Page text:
|In 1972, Qilakitsoq, an archaeological site on the Nuussuaq Peninsula, on the shore of Uummannaq Fjord in northwestern Greenland, came to the world's attention / Photo by: David Stanley via Flickr|
In 1972, Qilakitsoq, an archaeological site on the Nuussuaq Peninsula, on the shore of Uummannaq Fjord in northwestern Greenland, came to the world's attention. Hunters discovered the best-preserved human remains ever found in North America. They uncovered eight mummies, including six women and two children, that had been buried under a large pile of stones.
Due to Greenland’s ice-cold climate, the frozen bodies were well-preserved. According to All That’s Interesting, a site for curious people who want to know more about what they see on the news or read in history books, their skin, fingernails, hair, and even eyebrows were plainly visible. Researchers and archaeologists immediately went to the site after being informed about the frozen bodies. They were able to date the mummies to approximately 1475 using unobtrusive methods such as x-rays.
The organs of the 500-year-old Qilakitsoq mummies, who were from the Inuit tribe, were so well-preserved that they could be examined. Aside from the bodies, archaeologists also discovered 78 additional pieces of clothing fashioned from reindeer and sealskin. However, the most shocking discovery was the youngest corpse, believed to be only six months old when buried alive. The infant was the best-preserved among all the mummies due to his size. Archaeologists believe that he had frozen faster than his family members beside him.
According to Forbes, a global media company focusing on business, investing, technology, entrepreneurship, leadership, and lifestyle, five of the female mummies all had facial tattoos, which indicated their social status. The youngest woman had no tattoos, which indicated that she was not married or had no children.
All About the Inuit People
Most people nowadays are not aware of the Inuit, aboriginal people who live in the Arctic and sub-Arctic regions of Siberia and North America. They are known as Eskimos, which means "eaters of raw meat." The Inuit originally migrated from Siberia to Alaska before they arrived at the shores of Greenland in the 13th century. They managed to survive the world’s harshest conditions and fed themselves whales, seals, polar bears, muskoxen, birds, fish, and reindeer.
According to Oceanwide Expeditions, a Dutch company specializing in expedition-style voyages to Antarctica and the Arctic, the Inuit are believed to be sophisticated navigators who used stars to guide their way. They followed a moral code based on ancient myths and legends to survive in a harsh environment. Some of their beliefs were expressed in their art as carvings called tupilaq, or “evil spirit objects.”
Like other indigenous people, they usually use all parts of the animal efficiently for food, clothes, and tools as a way to respect the land and ocean that provided for them. Until this day, the Inuit greatly value resourcefulness, inclusiveness, collaboration, and “decision making through discussion and consensus.” While most Inuit have transitioned to traditional wage-earning work to earn money for electricity and other modern comforts, the hunting culture, skills, and diet have remained a part of their lives and identity.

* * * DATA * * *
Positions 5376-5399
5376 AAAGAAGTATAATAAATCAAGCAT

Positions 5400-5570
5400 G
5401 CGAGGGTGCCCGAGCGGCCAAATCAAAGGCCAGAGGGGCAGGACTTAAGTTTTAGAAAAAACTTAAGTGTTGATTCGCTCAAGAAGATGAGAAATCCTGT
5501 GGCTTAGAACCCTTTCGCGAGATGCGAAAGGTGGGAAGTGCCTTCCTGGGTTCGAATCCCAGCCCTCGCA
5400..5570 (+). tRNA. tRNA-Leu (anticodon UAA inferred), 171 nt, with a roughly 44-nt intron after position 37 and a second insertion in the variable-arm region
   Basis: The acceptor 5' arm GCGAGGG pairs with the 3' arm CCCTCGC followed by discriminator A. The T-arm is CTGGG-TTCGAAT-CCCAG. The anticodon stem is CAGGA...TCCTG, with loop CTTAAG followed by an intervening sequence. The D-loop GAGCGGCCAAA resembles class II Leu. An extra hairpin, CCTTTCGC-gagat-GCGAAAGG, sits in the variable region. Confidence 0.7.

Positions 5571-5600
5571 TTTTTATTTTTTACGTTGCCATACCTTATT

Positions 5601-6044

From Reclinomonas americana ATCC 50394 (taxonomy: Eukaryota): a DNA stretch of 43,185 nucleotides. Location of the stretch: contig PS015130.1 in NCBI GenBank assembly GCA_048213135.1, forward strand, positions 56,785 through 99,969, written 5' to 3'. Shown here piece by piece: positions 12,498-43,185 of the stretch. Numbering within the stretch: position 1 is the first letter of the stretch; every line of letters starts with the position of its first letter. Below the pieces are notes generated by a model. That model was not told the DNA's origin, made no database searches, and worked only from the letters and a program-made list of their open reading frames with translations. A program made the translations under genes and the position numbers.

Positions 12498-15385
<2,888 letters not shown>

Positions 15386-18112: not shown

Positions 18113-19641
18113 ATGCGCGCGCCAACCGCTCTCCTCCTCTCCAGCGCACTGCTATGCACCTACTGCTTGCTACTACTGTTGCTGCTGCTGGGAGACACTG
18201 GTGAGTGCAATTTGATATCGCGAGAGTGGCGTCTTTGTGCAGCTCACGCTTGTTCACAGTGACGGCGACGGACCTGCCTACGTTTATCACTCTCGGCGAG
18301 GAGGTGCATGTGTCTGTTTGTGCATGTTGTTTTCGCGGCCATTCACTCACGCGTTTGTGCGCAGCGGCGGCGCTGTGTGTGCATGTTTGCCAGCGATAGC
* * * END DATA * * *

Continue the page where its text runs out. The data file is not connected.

However, the traditional lifestyle of the Inuit is dramatically changing due to climate change. Reports show that global temperatures have increased by two to five degrees Celsius over the last 50 years, greatly affecting the Arctic. What was once familiar territory has become unstable for them. It has been difficult and dangerous for them to travel.
|Most people nowadays are not aware of the Inuit, aboriginal people who live in the Arctic and sub-Arctic regions of Siberia and North America. They are known as Eskimos, which means "eaters of raw meat" / Photo by: TeodorLazarev via Shutterstock|
How Did the Qilakitsoq Mummies Die?
The reason for these mummies’ death has baffled researchers for many years. The fact that the two graves contained women and children but no men puzzled them. Research shows that the Inuit did not bury women and children separately from men, which raises more questions on why and how they died and were buried all together. The researchers analyzed the contents of the stomachs and intestines of the bodies, hoping to find out if they died at the same time.
According to Ancient Origins, an online site that covers news and articles relating to our ancient origins, all of the mummies were well-nourished before their deaths. Their diet consisted of 75% seafood and 25% from plants and animals. However, researchers discovered huge amounts of soot in the lymph nodes of the lungs of all the frozen bodies. Aside from that, the mummies were heavily infested with lice. They recovered remnants of lice from some of their intestines.
Fortunately, the researchers were able to identify the cause of death of the bodies but only for three people. They found out that one woman had a malignant tumor near the base of her skull; the older child had Calvé-Perthes disease, which made him vulnerable to other life-threatening diseases, and the infant appeared to have been buried alive.
The infant was buried alive because it was believed that infants must be buried alive if their mothers died. This was a common practice among the Inuit during that time because the tribe could not afford to support people who they felt would have no ability to contribute to obtaining food, making clothing, or building shelter. Inuit custom also believed that the child and its mother should travel to the land of the dead together.
As of now, four of the Qilakitsoq mummies are on display at the Greenland National Museum.